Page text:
Buying olive oil can be overwhelming to a new cook, there are seemingly endless choices and widely disparate prices. We'll let you know what the different grades, prices, regions and extraction methods are all about. As a bonus we'll give you the inside track on the best way to store and purchase this essential kitchen staple.
Olive oil health benefits
Olive oil is widely known as a "healthy" fat, but most people don't know why. Olive oil is mostly a monounsaturated fat which help lower LDL cholesterol and are considered heart healthy. Extra virgin olive oil also has high amounts of antioxidants which also help out your heart.
Olive oil regions
Olives are primarily grown in the Mediterranean region, which boasts over 90% of the world's crop. Spain and Italy are the best known producers, but Greece is the world's third largest olive grower (their oil is rarely seen in whole form in the US but is often blended into better known Spanish and Italian brands). Flavor varies tremendously between oils, even within the same country. To get a consistent product most large brands blend oils from different regions, so your Italian olive oil may actually contain olives from several countries. Most brands available in mega marts are blends, so make sure to check the label. In recent years California has begun making a name for itself in olive oil production.
Olive oil extraction methods
While olive oil used to be extracted with a simple screw or hydraulic press, today most producers use a centrifuge. The centrifugal process makes "first press" an antiquated marketing term because it's a continuous process. Temperature affects the flavor and in the EU "cold pressed" oils must be extracted at under 80ºF.
Here's a video of the process at a California olive orchard, from harvest to oil production:
Olive oil grades
You've heard of extra virgin, but do you know what it means? Olive oil is graded based on quantity of free fatty acids and in terms of olive oil less fatty acids are better. Extra virgin olive oil is the highest grade and in the EU must have less than 0.8% acidity. Virgin olive oil needs to have less than 2%. Acidity should be marked on the bottle and certainly varies from brand to brand (and within each brand from year to year). That the restriction is set by the EU is important, US companies can use terms like "extra virgin" without legal restriction. As a general rule, remember to check the label and find the acid content.
Some phrases to watch for:
- "100% Pure Olive Oil" - It sounds great, but this usually signifies a cheap refined oil that has been mixed with a virgin oil to give flavor.
- "Light olive oil" - No this does not mean it contains less fat, light just means it contains less flavor
- "Refined olive oil" - Oil that was previously unpalatable that has gone through mechanical and chemical processes to reduce acidity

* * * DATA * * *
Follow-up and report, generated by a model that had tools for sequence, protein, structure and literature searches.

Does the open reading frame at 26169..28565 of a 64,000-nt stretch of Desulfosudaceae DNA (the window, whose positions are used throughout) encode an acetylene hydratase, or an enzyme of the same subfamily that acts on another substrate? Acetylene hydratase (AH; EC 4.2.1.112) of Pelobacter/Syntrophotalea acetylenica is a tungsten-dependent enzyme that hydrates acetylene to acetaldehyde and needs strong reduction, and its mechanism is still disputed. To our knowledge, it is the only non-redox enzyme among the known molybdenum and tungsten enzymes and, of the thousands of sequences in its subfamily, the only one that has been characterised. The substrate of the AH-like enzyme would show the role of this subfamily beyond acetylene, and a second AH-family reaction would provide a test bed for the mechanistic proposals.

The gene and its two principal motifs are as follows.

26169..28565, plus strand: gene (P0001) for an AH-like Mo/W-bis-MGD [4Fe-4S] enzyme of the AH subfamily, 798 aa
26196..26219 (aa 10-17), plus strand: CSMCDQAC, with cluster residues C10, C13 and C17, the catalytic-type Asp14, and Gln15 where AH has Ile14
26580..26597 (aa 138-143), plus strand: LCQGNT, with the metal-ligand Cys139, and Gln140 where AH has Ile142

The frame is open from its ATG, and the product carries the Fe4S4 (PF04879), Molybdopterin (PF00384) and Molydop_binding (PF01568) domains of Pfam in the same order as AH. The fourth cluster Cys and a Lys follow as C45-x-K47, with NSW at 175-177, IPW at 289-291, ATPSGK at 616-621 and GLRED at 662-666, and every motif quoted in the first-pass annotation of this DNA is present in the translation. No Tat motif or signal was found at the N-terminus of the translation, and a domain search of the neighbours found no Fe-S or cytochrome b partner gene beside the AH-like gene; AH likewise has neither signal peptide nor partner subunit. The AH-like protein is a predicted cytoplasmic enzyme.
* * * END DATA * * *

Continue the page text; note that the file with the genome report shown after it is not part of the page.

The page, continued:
Because of its expense and rather assertive flavor, we often reserve extra virgin olive oil for raw preparations (dressing greens and pasta, on bread, etc). Furthermore heating extra virgin olive oil reduces its flavor so you're better off just using virgin in the first place. Most of the health benefits of olive oil aren't limited to extra virgin, so using just virgin or even regular olive oil is perfectly fine.
Where to buy olive oil
While local mega marts tend to stock many kinds of olive oil, they aren't often of high-quality (even the more expensive brands). Going to upscale stores like Whole Foods or Williams-Sonoma can get you quality but will also leave your wallet quite a bit lighter. If you're looking for a regional oil try finding a specialty store for that region (Italian, Greek and Spanish speciality grocery stores are fairly common). Or if you don't mind buying in a bit more quantity, try looking online. Online shops like iGourmet have more varieties than even the largest specialty stores and often much better prices. You need to watch out for shipping prices, but shopping at Amazon with their free super saver shipping can really help out. Even if you're shopping locally, reading the reviews online can help give you an edge.
Olive oil storage
Olive oil is unrefined so it needs to be stored with more consideration than some other cooking oils. Light is olive oil's biggest enemy, it starts to break down the chlorophyll which gives the oil its lovely color. Look for brands that are sold in dark bottles or even better opaque cans. We like to store our oil in a bottle with a pour spout for ease of use, just make sure that the oil isn't exposed to the air and keep it in a dark cool place. You can buy a bottle with the sealable pour spout but we prefer to just buy the pour spout.